We’ve taken a look at how public relations can be part of the creation of influence (the psychological phenomenon, not the social media “metric”) in these past few posts. If you’re just catching wind of it, here are the six methods of influence creation:
- Social Proof
Let’s close out the series by talking about how these should and should not be used. Like any tool, it’s more than possible to use them irresponsibly or incorrectly. The approach that will yield you unsatisfactory results is the one where you set out in a campaign to specifically create content that aims at one of these factors. You can imagine someone sitting around a boardroom table saying, “We need a social proof campaign! Let’s create something that leverages social proof!”
Instead, think of the methods of influence as spices in the kitchen. It’s unlikely, unless you have very peculiar tastes, for you to simply dine on a bottle of basil. It’s unlikely, unless you’re bad at cooking, for someone to simply empty the entire pepper shaker into a dish’s preparation. On average, a little bit of a spice goes a long way towards making a good thing better. Likewise, these methods of influence can help you to sharpen up a campaign, a public relations media placement, or some content. If you’re struggling with how to add a call to action to some content, you can pull out this list and see if there’s an angle, using one or more of the six factors, that you missed. When you’re finished writing up the core idea for a campaign, pull out the six tools of influence and see if you can “add flavor” or more depth to the idea using the six factors, ways to think about your campaign that you hadn’t previously. That approach will yield better results than mindlessly clamoring for an “influence” campaign.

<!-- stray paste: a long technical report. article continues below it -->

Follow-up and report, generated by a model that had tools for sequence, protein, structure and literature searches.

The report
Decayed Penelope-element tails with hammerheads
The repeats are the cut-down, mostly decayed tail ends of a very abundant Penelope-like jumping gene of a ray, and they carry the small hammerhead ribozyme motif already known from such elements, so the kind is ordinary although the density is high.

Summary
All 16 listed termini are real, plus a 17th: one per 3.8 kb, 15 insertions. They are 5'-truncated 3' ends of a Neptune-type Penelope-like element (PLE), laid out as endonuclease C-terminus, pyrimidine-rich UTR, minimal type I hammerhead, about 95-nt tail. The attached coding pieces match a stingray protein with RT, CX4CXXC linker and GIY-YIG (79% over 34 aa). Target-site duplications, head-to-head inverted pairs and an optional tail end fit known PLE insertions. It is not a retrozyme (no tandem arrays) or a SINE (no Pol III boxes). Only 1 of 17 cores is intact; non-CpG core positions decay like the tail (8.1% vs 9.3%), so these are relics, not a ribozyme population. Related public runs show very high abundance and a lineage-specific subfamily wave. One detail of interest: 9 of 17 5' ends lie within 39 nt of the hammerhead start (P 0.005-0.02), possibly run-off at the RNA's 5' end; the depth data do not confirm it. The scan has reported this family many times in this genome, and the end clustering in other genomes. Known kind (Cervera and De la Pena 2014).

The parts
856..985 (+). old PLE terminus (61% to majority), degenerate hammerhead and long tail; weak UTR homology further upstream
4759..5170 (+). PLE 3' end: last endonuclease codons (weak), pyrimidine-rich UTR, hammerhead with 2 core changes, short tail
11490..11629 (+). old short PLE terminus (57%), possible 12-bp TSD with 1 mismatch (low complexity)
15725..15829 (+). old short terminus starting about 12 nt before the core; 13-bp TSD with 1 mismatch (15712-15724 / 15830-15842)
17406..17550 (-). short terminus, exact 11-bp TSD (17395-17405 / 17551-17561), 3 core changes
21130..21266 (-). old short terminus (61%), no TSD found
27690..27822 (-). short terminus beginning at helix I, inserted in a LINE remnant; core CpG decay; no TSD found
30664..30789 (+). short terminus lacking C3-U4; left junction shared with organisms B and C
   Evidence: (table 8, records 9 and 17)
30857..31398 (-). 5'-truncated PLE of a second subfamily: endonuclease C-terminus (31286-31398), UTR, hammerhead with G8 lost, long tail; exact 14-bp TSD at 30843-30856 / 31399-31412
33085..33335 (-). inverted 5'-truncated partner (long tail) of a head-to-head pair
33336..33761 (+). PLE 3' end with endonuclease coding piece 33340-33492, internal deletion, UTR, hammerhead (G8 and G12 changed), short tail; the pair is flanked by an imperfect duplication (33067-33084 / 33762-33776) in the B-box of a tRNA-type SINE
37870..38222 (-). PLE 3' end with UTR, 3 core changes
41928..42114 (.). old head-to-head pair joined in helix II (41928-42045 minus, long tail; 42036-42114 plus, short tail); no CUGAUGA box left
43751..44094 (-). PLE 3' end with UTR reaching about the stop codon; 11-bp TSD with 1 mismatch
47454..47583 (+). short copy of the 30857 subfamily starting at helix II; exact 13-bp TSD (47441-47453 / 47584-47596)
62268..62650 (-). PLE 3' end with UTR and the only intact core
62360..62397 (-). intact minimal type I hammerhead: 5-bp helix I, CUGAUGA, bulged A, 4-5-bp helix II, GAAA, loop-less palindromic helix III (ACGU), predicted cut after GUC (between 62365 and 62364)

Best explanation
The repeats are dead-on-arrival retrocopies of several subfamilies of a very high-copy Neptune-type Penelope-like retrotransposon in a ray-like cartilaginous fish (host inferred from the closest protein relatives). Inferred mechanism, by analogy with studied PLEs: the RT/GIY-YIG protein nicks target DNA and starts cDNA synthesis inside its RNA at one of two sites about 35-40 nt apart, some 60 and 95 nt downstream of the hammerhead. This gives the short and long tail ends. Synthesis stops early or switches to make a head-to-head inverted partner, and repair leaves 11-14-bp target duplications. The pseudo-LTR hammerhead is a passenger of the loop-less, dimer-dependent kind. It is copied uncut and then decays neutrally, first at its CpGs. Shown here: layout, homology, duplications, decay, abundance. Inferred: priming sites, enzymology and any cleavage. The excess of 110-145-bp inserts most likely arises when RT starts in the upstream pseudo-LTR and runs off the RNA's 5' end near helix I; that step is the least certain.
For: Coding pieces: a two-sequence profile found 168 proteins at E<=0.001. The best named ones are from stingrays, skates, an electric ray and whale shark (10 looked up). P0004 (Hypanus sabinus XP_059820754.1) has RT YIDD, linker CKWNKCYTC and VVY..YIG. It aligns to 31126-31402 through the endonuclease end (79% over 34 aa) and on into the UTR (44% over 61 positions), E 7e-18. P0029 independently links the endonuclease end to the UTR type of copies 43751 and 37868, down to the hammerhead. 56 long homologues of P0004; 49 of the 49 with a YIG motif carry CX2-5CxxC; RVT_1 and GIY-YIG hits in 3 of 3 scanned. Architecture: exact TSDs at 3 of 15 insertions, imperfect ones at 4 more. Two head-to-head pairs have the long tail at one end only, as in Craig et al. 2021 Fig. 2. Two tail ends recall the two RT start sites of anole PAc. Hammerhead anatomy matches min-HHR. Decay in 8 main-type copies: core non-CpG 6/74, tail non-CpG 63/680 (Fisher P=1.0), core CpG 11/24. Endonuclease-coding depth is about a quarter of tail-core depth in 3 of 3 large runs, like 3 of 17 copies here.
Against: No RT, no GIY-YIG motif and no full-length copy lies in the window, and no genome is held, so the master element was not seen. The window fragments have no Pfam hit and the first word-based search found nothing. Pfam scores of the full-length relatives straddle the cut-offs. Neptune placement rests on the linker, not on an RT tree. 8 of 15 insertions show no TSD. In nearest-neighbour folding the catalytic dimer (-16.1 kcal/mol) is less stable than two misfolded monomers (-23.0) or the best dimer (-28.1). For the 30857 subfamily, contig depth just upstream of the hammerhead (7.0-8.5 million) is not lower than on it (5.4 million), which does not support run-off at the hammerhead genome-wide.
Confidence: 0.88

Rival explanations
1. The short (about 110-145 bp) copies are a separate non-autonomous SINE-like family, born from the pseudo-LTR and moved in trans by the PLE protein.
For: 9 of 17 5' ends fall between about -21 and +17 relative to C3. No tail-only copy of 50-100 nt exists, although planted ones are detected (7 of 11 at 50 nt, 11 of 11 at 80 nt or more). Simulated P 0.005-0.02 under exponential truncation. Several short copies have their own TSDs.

Finally, note carefully that the psychological phenomenon of influence is very, very different from the way that influence is typically measured in social media. In social media, influence is more or less synonymous with popularity. However, being popular is no guarantee of meaningful transactions and interactions that affect the bottom line. Psychological influence is more about changing minds, about getting someone to believe what you want them to believe than it is about getting them to retweet you or like you on Facebook. Be sure not to confuse the two, and definitely do not substitute social media influence “metrics” for psychological influence ones. Incidentally, if you want to measure psychological influence, your best bets are surveying for people who you don’t have direct access to and marketing automation systems and scoring for people you do have direct access to.
We hope this series of glimpses at influence has been helpful and highlights the influence spices in your marketing and public relations kitchen.
Christopher S. Penn
Vice President, Marketing Technology